I have a friend

I was about to entitle this “I had a friend” and then I remembered, that was exactly the point… I HAVE a friend…. but I’ll explain.

A hundred years ago when I was a young mother with four little children- ages 1, 2, 4, and 5.5 I taught Lamaze classes on the Army post where my husband was stationed. It happened by accident. After the birth of our first child by the standard “grin-it-and-bear-it until the saddleblock” method, I realized that I probably could have avoided the saddleblock injection that relieved me of about 5 minutes of pain and left me lying flat for 6 hours to avoid an unbearable headache. So with the next pregnancy, I read a lot of books and went to Lamaze classes and learned coping mechanisms to help me through my next labor. And the next three labors were a lot easier.

We moved from Pittsburgh, where our two youngest (at the time) children were born to the Army post where there were a lot of young families, many of whom were having their first and second and third children. Among these people was a couple who wanted to learn Lamaze and knowing I had taken the course and had had my babies using Lamaze techniques, called me to ask me if I would teach them. I responded that although I had read literally every book there was on childbirth, I had no formal medical background and so didn’t feel comfortable teaching. The husband responded that he was a physician and he would be available for the medical information, and so I consented and taught them. Within a month, two more doctors and their wives came for classes and then yet another and soon the word got around. In a short time I was giving course after course to couples on the post.

And then one day, someone told me that in the nearby town there was a husband and wife who were also giving Lamaze classes. I didn’t know about them until then and my first thought was that they would feel as if I had encroached on their territory. Of course, I was not working for money. Until that point, I taught because I enjoyed it and the couples continued coming. The idea of charging never occured to me. So that probably made it even worse because I was giving away for free what I assumed they were charging for.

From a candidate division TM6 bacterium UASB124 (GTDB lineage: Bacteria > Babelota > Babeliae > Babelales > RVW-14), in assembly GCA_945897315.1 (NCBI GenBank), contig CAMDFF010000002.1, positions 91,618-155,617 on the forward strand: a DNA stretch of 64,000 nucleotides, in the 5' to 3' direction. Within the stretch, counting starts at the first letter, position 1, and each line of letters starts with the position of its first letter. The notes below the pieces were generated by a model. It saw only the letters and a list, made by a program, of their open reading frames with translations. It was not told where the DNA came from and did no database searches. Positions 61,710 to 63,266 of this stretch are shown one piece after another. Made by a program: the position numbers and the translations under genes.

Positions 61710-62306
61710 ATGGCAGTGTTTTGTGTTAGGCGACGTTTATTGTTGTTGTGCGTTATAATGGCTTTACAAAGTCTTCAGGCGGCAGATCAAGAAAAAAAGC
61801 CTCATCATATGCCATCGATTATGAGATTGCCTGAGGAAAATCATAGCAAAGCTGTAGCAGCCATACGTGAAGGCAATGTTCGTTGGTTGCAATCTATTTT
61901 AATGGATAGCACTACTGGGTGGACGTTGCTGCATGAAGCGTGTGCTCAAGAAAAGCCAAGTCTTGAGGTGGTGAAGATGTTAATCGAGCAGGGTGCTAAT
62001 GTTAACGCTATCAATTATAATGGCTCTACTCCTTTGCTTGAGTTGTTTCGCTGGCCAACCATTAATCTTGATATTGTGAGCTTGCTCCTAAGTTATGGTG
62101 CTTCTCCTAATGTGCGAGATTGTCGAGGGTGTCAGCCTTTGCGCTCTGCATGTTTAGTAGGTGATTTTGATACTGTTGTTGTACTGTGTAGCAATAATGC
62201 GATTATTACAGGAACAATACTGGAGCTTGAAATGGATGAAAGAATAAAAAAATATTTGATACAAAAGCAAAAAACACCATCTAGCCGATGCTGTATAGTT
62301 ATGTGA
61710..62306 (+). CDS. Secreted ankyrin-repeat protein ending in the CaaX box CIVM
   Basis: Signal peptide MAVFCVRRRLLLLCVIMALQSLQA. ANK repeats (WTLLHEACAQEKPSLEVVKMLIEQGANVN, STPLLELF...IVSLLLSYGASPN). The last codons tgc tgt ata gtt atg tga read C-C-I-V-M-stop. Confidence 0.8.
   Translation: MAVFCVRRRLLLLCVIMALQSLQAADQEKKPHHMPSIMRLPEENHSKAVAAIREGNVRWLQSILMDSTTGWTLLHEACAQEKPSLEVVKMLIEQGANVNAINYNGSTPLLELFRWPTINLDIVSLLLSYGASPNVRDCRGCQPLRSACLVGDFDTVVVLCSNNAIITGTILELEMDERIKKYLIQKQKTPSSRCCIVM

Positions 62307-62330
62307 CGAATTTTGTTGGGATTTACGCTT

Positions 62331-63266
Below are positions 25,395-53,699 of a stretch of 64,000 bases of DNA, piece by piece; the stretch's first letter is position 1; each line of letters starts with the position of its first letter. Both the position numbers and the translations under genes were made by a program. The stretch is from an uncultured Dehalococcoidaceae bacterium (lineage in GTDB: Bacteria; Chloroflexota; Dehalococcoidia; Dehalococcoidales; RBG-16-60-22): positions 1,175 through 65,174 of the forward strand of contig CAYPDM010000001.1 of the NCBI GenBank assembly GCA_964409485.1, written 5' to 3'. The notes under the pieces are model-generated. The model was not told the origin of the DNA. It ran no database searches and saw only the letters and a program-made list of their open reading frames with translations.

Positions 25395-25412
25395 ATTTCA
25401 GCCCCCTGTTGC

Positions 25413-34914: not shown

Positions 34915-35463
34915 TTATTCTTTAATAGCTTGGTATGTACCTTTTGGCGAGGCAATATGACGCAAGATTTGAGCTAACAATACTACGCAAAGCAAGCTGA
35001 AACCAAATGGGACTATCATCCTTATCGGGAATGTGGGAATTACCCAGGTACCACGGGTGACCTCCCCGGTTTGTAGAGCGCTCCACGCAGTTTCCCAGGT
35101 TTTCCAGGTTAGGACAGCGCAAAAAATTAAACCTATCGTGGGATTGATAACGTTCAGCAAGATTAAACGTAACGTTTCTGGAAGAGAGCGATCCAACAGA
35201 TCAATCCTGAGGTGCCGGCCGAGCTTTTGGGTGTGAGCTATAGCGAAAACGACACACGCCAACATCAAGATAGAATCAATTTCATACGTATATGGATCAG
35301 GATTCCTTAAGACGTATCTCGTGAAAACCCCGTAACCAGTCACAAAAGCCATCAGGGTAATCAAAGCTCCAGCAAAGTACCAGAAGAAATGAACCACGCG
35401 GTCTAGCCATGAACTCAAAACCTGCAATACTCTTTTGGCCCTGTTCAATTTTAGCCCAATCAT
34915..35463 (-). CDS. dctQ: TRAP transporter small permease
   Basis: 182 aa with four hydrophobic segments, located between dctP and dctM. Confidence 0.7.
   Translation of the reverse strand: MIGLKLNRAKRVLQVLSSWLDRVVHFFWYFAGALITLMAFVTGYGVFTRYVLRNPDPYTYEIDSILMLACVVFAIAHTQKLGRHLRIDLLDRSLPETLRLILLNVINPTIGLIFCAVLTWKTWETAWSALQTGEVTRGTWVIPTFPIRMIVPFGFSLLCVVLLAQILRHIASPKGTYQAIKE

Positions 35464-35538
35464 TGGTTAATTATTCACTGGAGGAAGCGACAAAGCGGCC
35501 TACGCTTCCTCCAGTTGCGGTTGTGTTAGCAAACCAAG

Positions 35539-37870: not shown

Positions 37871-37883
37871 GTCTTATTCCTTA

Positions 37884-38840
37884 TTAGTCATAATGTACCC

But still, I decided to get in touch with them in the hopes that we could find common ground and maybe even help each other.

I dialed the number with trepidation, but after the initial introduction was greeted in the warmest, friendliest manner. Marcia and I must have talked for an hour or more that first time. Within a day or two I went to her house to meet her in person.

Between us developed a friendship like no other. I can describe her with these words: gracious, caring, giving, unselfish, kind, loving. Marcia has always been a truly generous person— and I am not talking about material generosity. I am talking about the ability to be present freely and wholeheartedly in another’s life. She has patience, and grace. Around her, I always knew that everything would be all right.

We left that Army post in 1976. I remember that the parting was painful. I can’t trace our friendship through the years other than a brief encounter on our way to Oklahoma in 1984. But the wonders of email have connected us once again and we once again are sharing our lives.

Yesterday, I wrote her “Whenever I hear from you it reminds me of how much I miss you after all these years. You were a really good friend.” She responded, “What’s this about “WERE”??”

You are, as always, right, Marcia. You ARE a really good friend, a blessing.

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